WaterOnMars provides bookmarklets to do basic actions like subscribing to an RSS feed or to bookmark a web page.
Bookmarklets are very handy and they work pretty well with desktop browsers, but mobile browsers hardly support them. Unfortunately, since a few months I’ve been browsing the net and reading news on WaterOnMars almost exclusively from my (Android) tablet.
A common solution to get similar functionality as bookmarklets on mobile platform is to develop Android-specific applications.
However I did find an alternative solution, which may not be 100% user friendly, but remains quite handy: the Bookmarklet Free app !
When I started developing WaterOnMars, the fashionable toolkit for web GUI work was the version 2 of Twitter Bootstrap. Of course, by the time my project reached a truly usable state, the version 3 of bootstrap was released and the version 2 stopped being maintained. Another example of the perpetual obsolescence developers have had to face since the dawn of time (e.g the 70’s).
Version 3’s major feature being its first class support for mobile platform and my main usage of WaterOnMars being via a tablet, migrating was really tempting but I had no idea how much work I’d have to put into it.
I did it a few weeks a go though and the good news was that it’s been much much easier that I thought.
Despite spending currently more time using my WaterOnMars feed reader than developing it, I’m still making small improvements to it. And to make my life easier I could count on a solid little project: fabric !
fabric is a Python based command-line utility designed to help running commands remotely: typically to deploy a web app on a remote server.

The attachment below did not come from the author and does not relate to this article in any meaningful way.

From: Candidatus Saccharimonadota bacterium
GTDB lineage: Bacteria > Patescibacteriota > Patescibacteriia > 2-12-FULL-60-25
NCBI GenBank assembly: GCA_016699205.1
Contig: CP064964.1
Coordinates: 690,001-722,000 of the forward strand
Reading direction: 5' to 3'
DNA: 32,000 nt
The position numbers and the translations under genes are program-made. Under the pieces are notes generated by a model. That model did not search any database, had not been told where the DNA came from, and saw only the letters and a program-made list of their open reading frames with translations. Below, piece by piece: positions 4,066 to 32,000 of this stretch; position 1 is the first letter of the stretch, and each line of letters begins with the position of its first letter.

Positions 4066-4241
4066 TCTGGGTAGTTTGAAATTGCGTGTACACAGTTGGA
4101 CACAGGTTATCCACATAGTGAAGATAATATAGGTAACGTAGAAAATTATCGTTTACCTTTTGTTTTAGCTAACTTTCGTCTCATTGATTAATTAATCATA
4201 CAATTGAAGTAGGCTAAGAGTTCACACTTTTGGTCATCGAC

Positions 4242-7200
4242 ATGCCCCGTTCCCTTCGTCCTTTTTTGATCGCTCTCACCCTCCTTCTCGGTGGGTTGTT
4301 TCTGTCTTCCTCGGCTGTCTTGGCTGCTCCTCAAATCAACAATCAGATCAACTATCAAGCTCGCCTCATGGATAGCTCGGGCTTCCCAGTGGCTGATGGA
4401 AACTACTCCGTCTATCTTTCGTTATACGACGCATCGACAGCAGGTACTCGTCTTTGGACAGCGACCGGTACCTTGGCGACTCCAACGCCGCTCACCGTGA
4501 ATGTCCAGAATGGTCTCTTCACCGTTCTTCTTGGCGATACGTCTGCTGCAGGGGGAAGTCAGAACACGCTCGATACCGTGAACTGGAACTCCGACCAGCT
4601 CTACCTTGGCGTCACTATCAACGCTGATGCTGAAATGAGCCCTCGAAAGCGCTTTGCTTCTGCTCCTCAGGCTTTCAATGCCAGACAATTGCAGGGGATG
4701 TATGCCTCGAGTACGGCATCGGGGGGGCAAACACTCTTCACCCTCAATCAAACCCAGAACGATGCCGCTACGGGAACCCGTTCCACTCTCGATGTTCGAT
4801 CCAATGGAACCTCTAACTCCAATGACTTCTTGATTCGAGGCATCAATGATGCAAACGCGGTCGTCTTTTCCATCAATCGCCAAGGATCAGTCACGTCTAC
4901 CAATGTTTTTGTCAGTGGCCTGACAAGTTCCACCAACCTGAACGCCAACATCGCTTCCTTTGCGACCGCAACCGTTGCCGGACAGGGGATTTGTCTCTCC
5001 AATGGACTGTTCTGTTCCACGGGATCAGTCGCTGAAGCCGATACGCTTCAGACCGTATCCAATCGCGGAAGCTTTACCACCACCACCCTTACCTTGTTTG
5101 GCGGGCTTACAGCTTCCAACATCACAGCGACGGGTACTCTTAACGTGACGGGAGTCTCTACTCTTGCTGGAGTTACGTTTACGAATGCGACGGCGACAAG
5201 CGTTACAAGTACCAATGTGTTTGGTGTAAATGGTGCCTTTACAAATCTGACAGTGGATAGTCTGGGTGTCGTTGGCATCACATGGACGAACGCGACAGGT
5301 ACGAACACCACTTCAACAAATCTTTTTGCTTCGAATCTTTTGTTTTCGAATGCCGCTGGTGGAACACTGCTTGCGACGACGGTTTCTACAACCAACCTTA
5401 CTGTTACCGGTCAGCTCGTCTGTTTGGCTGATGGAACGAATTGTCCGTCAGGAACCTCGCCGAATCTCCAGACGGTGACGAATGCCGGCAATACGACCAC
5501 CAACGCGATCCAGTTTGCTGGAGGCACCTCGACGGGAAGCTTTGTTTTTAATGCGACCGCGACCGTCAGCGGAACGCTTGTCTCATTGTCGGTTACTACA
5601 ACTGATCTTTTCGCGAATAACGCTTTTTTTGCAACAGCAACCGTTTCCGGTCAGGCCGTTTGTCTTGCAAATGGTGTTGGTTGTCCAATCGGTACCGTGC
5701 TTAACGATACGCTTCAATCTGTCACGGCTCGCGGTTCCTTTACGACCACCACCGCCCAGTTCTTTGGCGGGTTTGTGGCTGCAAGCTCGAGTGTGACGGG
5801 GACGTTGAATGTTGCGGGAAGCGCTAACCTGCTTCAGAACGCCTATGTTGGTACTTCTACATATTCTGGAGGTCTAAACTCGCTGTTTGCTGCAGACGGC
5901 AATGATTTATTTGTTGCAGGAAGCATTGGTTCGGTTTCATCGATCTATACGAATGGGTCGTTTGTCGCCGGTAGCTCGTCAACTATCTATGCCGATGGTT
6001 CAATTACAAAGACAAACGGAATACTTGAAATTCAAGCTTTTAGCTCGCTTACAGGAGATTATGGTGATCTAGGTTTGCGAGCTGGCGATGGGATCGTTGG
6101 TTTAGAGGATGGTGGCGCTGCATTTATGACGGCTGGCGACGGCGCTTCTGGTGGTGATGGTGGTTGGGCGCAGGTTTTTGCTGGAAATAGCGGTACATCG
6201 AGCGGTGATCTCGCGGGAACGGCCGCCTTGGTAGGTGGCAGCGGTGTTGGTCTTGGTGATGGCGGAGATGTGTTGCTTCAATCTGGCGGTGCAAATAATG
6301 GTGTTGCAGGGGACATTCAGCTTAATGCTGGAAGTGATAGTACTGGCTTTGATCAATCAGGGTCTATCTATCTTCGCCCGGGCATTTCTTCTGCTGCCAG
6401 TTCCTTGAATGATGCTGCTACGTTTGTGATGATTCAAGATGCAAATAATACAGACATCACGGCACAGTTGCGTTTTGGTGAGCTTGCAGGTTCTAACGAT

So I’m using it to deploy WaterOnMars on my personal server and also to deploy the demo version on heroku. But more recently I added fabric’s configuration file (the “fabfile”) to the sources of the project as an officially maintained helper for development tasks. It’s now usable to run the test suite, to launch the web app locally, to set-up the db and to deploy it on custom servers.
I’ve been using wateronmars on a daily basis for approx. 3 weeks now and here are my first impressions:
- Christmas time is the worst possible time period when to test a news reader (most of the feeds I’m subscribed to where on a break then)
- considering a beta test period before bragging about one’s software is a must (the last two big shameful bugs were detected and corrected during the first week)
- it’s really great to use a news reader again ! (I stopped trying other readers after the shutdown of Google reader)
Apart from that wateronmars has improved a little with some bug fixing and some speed optimization but most of all I’ve added a new way to display the sieve that is specific to mobile devices. It can be seen on the demo site (and even without a mobile device by selecting the “carousel” view).
By customizing a little Twitter Bootstrap‘s carousel and pluging in the TouchSwipe-Jquery-Plugin library it was relatively easy to handle a”(touch) swipe”.